When asked to discuss how a key issue impacts our city, my first response is to emphasize how essential it is we work together as a metro area instead of operating as separate municipalities. I truly believe the Birmingham metro area is only strengthened by collectively working to improve infrastructure, education, law enforcement, and so on.
However, this week is different.
Considering the events that have unfolded over the past week in Charlottesville, I think there is a more pressing issue to discuss: race and acceptance in Birmingham, a city historically known for divisiveness.
During the 1960s, Birmingham was at the epicenter of segregation and brutality against people of color and Civil Rights activists
When you Google ‘Birmingham,’ images of Bull Connor ordering fire hoses and police dogs attacking men, women, and children are some of the first that come up. We can’t forget our city’s violent and divisive past, but we must embrace this history as an opportunity to work together for a better future.
Birmingham is at the cusp of major change with opportunities to grow all areas of the city. There is unprecedented investment in growth in our downtown area, spurring economic and artistic growth throughout greater Birmingham and providing an even greater sense of hope for the future of the city.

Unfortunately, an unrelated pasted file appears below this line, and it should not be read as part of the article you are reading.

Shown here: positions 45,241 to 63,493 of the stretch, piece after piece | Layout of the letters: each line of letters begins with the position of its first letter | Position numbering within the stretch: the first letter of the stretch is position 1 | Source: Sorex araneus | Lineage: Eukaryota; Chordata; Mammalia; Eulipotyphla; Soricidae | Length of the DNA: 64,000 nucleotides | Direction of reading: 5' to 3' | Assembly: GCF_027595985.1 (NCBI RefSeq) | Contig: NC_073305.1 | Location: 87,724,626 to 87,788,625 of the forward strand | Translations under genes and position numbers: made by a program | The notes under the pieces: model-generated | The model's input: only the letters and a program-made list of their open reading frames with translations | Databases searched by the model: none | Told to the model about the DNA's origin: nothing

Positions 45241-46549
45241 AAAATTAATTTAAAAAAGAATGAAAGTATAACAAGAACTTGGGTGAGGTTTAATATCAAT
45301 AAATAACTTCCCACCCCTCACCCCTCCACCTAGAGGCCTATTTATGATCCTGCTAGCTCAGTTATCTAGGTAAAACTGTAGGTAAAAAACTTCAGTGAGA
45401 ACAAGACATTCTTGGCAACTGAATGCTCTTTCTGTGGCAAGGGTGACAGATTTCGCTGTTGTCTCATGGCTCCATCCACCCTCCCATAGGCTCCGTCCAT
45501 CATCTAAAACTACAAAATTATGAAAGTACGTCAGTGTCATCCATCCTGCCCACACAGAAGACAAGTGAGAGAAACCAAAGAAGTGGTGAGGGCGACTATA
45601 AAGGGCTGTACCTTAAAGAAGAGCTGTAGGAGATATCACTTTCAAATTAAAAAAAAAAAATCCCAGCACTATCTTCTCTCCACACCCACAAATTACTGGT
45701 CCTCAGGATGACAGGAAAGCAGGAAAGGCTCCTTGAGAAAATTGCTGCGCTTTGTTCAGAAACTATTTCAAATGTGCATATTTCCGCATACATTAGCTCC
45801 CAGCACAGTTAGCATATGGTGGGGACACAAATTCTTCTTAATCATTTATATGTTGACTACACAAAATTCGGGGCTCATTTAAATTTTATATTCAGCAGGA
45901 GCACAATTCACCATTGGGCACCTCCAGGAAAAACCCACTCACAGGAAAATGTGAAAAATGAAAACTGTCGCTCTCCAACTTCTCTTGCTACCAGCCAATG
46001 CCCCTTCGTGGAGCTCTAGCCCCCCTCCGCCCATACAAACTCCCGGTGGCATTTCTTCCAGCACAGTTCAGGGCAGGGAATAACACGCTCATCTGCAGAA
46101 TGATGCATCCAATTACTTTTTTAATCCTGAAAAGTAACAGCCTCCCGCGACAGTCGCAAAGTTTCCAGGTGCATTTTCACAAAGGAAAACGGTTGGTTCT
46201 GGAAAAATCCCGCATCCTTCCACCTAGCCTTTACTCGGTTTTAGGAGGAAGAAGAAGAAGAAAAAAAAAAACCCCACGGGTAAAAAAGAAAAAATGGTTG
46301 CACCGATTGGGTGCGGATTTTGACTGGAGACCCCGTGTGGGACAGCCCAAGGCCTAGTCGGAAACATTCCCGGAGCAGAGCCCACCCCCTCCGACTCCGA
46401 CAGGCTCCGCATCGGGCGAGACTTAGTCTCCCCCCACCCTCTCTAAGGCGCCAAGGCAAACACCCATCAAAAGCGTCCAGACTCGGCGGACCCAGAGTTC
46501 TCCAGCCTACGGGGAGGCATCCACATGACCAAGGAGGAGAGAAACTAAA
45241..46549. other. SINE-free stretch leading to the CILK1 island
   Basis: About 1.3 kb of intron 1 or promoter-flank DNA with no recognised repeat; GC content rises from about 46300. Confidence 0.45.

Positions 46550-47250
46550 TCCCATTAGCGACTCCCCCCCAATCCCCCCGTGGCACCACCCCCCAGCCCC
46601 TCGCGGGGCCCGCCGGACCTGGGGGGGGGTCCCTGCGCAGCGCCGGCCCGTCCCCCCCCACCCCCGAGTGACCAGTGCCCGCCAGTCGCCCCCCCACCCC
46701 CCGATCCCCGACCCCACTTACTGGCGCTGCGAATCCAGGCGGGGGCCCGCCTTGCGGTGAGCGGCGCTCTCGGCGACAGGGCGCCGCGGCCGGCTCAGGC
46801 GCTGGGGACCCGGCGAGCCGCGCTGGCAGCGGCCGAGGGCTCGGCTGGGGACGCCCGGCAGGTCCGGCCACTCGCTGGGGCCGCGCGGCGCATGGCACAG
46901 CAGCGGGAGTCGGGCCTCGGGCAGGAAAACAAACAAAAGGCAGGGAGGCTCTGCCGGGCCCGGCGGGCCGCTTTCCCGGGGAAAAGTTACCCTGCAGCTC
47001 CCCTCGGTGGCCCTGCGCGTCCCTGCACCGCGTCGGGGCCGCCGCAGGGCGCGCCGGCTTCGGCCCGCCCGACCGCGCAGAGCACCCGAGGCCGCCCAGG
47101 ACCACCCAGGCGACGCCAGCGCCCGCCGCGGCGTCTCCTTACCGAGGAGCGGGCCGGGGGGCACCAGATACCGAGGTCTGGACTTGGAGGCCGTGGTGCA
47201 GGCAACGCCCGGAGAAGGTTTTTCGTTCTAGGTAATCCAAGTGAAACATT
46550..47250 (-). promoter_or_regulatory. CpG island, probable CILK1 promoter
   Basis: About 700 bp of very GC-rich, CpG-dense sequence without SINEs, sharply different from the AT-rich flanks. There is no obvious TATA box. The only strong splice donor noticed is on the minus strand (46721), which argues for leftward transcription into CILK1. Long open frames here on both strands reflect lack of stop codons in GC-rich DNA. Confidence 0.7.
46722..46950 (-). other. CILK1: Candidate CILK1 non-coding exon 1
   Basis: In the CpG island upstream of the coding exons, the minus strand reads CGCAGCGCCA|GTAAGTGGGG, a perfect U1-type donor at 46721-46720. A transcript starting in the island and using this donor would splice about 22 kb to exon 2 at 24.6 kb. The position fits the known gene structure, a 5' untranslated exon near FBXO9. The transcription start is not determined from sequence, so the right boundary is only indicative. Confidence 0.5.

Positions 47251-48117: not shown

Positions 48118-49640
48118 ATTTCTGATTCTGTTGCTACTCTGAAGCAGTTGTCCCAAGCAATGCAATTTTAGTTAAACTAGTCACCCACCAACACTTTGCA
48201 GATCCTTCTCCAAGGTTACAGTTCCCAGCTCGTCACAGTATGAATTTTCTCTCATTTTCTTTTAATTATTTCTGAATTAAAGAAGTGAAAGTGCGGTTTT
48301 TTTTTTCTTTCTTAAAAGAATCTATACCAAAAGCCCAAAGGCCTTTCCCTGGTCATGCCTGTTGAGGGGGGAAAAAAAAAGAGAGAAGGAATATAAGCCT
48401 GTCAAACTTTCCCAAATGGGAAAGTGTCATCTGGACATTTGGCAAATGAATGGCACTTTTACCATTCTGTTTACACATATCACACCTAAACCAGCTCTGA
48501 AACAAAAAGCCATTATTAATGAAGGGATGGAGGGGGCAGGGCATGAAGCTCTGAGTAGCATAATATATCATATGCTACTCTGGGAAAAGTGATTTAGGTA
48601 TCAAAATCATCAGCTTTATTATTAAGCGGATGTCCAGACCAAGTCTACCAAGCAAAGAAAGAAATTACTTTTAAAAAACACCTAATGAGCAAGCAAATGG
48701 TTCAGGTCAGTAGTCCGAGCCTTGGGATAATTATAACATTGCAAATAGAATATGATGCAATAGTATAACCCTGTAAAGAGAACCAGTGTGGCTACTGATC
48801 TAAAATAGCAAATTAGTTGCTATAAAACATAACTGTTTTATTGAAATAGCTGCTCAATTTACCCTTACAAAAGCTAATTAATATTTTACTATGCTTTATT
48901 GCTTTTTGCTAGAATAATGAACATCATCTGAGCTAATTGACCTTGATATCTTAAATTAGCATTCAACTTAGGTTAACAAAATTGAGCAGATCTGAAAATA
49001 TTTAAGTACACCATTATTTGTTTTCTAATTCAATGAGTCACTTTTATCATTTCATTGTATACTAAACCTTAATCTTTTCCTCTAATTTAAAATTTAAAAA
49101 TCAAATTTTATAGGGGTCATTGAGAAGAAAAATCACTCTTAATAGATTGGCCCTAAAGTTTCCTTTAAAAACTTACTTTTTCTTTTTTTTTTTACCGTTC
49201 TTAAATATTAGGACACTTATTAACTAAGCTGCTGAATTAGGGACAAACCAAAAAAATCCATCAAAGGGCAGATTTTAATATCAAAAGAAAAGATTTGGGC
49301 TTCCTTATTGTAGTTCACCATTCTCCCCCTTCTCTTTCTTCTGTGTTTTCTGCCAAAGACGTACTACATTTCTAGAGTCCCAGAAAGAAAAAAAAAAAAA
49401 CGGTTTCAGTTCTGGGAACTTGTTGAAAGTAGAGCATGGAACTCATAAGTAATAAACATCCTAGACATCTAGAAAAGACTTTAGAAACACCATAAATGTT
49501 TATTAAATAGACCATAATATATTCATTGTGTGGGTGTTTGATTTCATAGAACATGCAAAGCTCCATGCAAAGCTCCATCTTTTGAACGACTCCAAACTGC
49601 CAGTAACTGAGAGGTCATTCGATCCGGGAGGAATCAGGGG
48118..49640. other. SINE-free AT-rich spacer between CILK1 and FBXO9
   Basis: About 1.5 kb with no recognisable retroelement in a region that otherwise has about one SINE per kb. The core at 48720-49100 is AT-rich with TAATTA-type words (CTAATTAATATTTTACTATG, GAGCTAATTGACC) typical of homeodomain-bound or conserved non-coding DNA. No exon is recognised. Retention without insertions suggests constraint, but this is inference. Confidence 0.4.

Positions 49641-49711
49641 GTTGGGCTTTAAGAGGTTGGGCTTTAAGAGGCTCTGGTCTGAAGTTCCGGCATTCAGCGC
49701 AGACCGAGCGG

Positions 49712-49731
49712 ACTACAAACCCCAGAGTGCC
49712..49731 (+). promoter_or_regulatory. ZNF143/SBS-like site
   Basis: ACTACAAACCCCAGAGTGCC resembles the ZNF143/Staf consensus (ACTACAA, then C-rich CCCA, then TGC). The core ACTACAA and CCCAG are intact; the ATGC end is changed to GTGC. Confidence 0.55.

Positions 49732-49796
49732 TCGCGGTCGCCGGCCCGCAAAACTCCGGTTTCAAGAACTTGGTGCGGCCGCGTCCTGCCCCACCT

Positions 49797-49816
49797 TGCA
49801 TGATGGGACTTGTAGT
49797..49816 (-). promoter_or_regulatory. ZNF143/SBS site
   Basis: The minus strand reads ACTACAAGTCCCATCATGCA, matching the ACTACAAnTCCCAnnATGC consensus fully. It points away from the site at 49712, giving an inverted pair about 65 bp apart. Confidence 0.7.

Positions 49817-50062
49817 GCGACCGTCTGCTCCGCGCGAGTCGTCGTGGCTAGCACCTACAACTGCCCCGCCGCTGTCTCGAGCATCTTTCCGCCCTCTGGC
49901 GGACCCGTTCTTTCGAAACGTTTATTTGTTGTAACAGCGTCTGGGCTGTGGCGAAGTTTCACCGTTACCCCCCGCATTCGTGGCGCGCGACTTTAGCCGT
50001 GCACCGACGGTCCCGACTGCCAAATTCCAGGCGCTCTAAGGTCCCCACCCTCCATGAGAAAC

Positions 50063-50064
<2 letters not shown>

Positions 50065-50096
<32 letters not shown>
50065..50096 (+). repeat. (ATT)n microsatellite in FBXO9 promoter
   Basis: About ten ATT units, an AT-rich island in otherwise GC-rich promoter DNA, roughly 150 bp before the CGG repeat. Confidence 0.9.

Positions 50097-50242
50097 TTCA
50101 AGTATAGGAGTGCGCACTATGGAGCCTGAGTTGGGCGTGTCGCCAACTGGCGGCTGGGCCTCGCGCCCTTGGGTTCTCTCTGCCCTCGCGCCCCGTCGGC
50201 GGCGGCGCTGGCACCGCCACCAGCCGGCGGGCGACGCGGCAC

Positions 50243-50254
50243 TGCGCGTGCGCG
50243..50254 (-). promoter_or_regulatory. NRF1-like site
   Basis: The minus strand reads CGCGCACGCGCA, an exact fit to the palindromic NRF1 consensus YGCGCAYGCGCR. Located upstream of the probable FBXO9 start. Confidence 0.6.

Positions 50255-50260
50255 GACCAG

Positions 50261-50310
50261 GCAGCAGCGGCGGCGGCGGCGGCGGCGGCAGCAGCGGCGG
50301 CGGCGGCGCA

With an opportunity to change the image of Birmingham, we must show the world that we are united as a city, and that we have no tolerance for discrimination of any kind. The recent designation of having the Civil Rights National Monument, the Freedom Policy Center at A.G. Gaston Motel, and other aspects of the past will allow us to be at the head of racial conversations on a national level. We can be a city of inclusiveness, rather than divisiveness.
Regardless of political party, race, sex, or religious affiliation, we are all neighbors who are a part of the same community. We all have the ability to come together and show the nation what we can achieve.
We are stronger when we stand together. If we implement this ideology with our fellow Birminghamians, we can transform our historical image to one of acceptance, innovation, and opportunity, leaving behind a better Birmingham for future generations.
This is the type of city that young professionals seek after college. This is the type of community where we want to raise our children. As our nation has conversations of racial bias and inequality, let’s put Birmingham at the forefront of those conversations, but this time, let’s be on the right side of history.
“Above all, love each other deeply, because love covers over a multitude of sins.” 1 Peter 4:8
Hunter Williams is a local small business owner, deputy sheriff, and candidate for Birmingham City Council District 2. More about his platform can be found online at hunterwilliams2017.com.